Kate Kiely, NRDC, email@example.com, 212-727-4592
Michael McCauley, Consumers Union, firstname.lastname@example.org,
Mark Morgenstein, U.S. PIRG Education Fund,
Cameron Harsh, Center for Food Safety, email@example.com,
Sidney Freitag-Fey, Food Animal Concerns Trust,
Kari Hamerschlag, Friends of the Earth, firstname.lastname@example.org,
NEW YORK – More than half of the top 25 chain restaurants in the U.S. have taken steps to restrict the routine use of antibiotics in the production of the chicken they serve, according to a new scorecard released today by a group of consumer, environmental and public health organizations. The third annual Chain Reaction report, which grades the companies on their antibiotics policies and practices, found that 14 restaurants have taken action, up from nine just one year ago. While restaurant chains made great progress on chicken, the groups found that there were no new commitments to limit antibiotic use in beef and pork.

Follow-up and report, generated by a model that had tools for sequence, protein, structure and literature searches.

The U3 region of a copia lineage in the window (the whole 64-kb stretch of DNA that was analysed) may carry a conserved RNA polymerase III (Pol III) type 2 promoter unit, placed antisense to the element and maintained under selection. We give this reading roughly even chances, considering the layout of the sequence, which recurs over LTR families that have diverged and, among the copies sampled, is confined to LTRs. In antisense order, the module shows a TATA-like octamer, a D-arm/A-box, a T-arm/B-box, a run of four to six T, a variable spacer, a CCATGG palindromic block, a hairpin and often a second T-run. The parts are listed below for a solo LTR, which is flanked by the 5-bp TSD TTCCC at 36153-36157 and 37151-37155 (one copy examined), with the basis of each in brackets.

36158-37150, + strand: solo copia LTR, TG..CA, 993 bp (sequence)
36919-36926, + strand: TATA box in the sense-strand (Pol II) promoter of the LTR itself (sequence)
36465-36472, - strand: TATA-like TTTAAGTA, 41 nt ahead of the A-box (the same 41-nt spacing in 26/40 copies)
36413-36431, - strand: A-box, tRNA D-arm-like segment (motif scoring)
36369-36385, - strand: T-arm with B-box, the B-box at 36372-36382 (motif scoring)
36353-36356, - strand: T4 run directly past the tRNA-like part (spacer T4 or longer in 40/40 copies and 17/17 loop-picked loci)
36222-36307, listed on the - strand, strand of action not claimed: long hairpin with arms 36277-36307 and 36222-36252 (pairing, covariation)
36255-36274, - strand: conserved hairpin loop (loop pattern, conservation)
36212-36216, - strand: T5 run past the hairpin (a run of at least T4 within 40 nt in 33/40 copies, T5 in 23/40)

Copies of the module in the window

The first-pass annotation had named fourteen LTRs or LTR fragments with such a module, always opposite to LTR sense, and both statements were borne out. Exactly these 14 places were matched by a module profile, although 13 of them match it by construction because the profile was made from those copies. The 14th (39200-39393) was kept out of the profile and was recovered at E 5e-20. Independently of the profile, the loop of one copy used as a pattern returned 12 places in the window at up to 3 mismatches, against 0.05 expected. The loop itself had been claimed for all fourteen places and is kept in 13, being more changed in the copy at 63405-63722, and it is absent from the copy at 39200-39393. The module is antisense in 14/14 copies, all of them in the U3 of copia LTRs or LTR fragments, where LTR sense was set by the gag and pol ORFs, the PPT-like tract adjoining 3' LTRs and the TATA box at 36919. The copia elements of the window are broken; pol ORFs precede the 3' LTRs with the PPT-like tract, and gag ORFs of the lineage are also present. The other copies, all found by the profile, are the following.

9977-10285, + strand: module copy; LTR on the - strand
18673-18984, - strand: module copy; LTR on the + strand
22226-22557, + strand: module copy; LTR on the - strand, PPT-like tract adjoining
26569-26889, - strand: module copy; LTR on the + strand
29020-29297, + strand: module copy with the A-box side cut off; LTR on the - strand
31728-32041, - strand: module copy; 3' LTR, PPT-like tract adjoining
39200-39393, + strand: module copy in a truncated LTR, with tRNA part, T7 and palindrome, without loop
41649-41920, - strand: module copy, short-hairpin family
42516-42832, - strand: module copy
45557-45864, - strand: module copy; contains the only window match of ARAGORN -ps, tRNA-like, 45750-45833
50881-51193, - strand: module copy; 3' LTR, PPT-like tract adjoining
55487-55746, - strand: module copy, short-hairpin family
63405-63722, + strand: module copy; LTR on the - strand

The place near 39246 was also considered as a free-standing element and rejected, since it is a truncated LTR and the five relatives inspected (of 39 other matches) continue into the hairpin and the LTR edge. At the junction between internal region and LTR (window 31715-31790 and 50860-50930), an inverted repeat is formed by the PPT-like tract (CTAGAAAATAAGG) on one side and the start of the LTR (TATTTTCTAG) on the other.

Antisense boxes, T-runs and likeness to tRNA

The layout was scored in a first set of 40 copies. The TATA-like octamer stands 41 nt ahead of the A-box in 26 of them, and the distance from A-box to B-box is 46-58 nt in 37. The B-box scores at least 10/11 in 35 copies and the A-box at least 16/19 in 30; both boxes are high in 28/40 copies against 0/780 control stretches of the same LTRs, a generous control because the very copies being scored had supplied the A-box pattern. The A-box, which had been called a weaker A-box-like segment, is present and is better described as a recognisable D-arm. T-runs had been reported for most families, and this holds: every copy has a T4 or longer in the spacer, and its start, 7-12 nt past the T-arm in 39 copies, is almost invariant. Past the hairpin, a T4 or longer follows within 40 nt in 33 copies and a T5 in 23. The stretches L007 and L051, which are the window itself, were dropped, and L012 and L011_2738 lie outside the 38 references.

Seventy percent of the medically important antibiotics in the U.S. are sold for use in livestock, and they are typically used to prevent disease in crowded and unsanitary industrial farms. The Centers for Disease Control and Prevention and other leading medical experts agree that the widespread use of antibiotics for meat production threatens public health by contributing to the creation and spread of drug-resistant superbugs. According to the CDC, drug-resistant infections sicken at least two million people every year and at least 23,000 die as a result. Given stagnating federal policy over the misuse of antibiotics in meat production, the groups urged restaurants to do their part to protect public health.